On Christmas Eve we went to our grandparents' house. My grandparents didn't have much, but I don't remember how poor they were,  just Grandma's sweet spirit and her homemade cooking and how there was always room for one more  around the dining room table. My uncle, still in his teens, came in that Christmas Eve with a bag full of gifts. He emptied the sack on the table. He must have spent his entire paycheck on presents for us. There were presents for everyone and for me there was a pocketbook.

There are certain Christmas memories that always stand out. That Christmas, in 1966, is one of them.

Saturday, November 15, 2014

Names in an Old Address Book

I have three address books. I don't know why I have held onto the oldest one, where names and addresses are scratched out and old acquaintances are long gone. But an old address book is like a memory capsule of sorts. They provide a glimpse of people and events that were once a part of our lives.

Under "A" there is the name of my husband's buddy. They were best friends in high school and both joined the military and served in Vietnam. I met him once. He seemed like a nice guy. He died a few years ago.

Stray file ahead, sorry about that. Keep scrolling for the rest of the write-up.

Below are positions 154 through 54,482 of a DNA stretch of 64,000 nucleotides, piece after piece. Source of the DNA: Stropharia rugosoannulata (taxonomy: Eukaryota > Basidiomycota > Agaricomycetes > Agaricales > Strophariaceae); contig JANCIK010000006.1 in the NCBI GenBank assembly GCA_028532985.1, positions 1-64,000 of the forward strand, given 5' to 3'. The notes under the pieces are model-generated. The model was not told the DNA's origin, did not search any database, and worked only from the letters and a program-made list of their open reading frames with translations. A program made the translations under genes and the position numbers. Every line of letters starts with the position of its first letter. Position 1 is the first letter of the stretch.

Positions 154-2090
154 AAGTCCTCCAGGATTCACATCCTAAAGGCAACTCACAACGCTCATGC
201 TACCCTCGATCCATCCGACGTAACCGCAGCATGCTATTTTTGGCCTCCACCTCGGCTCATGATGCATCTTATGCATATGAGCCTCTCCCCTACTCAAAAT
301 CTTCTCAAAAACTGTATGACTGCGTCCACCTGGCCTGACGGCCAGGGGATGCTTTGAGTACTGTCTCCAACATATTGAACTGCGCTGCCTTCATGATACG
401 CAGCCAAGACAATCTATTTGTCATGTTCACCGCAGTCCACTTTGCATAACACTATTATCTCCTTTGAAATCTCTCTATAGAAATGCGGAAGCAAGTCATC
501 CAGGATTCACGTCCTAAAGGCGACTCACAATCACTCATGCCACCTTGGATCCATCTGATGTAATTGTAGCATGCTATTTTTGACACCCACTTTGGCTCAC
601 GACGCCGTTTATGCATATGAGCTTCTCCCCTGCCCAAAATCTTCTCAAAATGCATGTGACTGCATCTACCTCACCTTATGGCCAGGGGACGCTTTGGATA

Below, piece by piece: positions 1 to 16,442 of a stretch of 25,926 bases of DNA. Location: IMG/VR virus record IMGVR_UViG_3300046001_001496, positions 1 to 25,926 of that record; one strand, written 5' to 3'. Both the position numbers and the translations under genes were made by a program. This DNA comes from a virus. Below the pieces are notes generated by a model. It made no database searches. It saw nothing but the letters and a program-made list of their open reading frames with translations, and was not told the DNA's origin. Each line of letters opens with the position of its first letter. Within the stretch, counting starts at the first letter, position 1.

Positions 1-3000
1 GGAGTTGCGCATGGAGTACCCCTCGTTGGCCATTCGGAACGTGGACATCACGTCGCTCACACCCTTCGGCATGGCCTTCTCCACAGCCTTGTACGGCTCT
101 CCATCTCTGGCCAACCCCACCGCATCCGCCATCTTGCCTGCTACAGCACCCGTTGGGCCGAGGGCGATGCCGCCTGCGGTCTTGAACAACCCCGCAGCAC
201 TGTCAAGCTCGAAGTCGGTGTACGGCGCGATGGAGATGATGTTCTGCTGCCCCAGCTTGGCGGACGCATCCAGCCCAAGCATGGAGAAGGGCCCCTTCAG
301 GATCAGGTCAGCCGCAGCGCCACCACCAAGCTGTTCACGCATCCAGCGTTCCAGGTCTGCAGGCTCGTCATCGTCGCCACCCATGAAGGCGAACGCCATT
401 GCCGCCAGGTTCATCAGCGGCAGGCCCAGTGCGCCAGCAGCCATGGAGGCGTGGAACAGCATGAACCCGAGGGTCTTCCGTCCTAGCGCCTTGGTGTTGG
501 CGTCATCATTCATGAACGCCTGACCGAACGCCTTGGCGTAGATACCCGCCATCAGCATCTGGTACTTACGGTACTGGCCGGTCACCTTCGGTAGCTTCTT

There are the two uncles, one in West Virginia, and one in Florida, both now deceased. Uncle #2 took care of his father for many years and didn't marry until middle-age.

In case she ever needed it, I still have my daughter's college address. She actually had three addresses while in college. We moved her into the old and dingy apartment that was assigned to her and moved her into the dorm two days later because I didn't feel that the apartment was safe enough for a 19-year old girl. It was meant to be because she met her best friend when she moved into the dorm.

Under"B" there is my old friend from El Paso. We were military spouses and met in the post-partum ward (no kidding) in the Army hospital. Our kids were born on the same day. We lost touch through numerous PCS moves. Her last address was in Colorado Springs.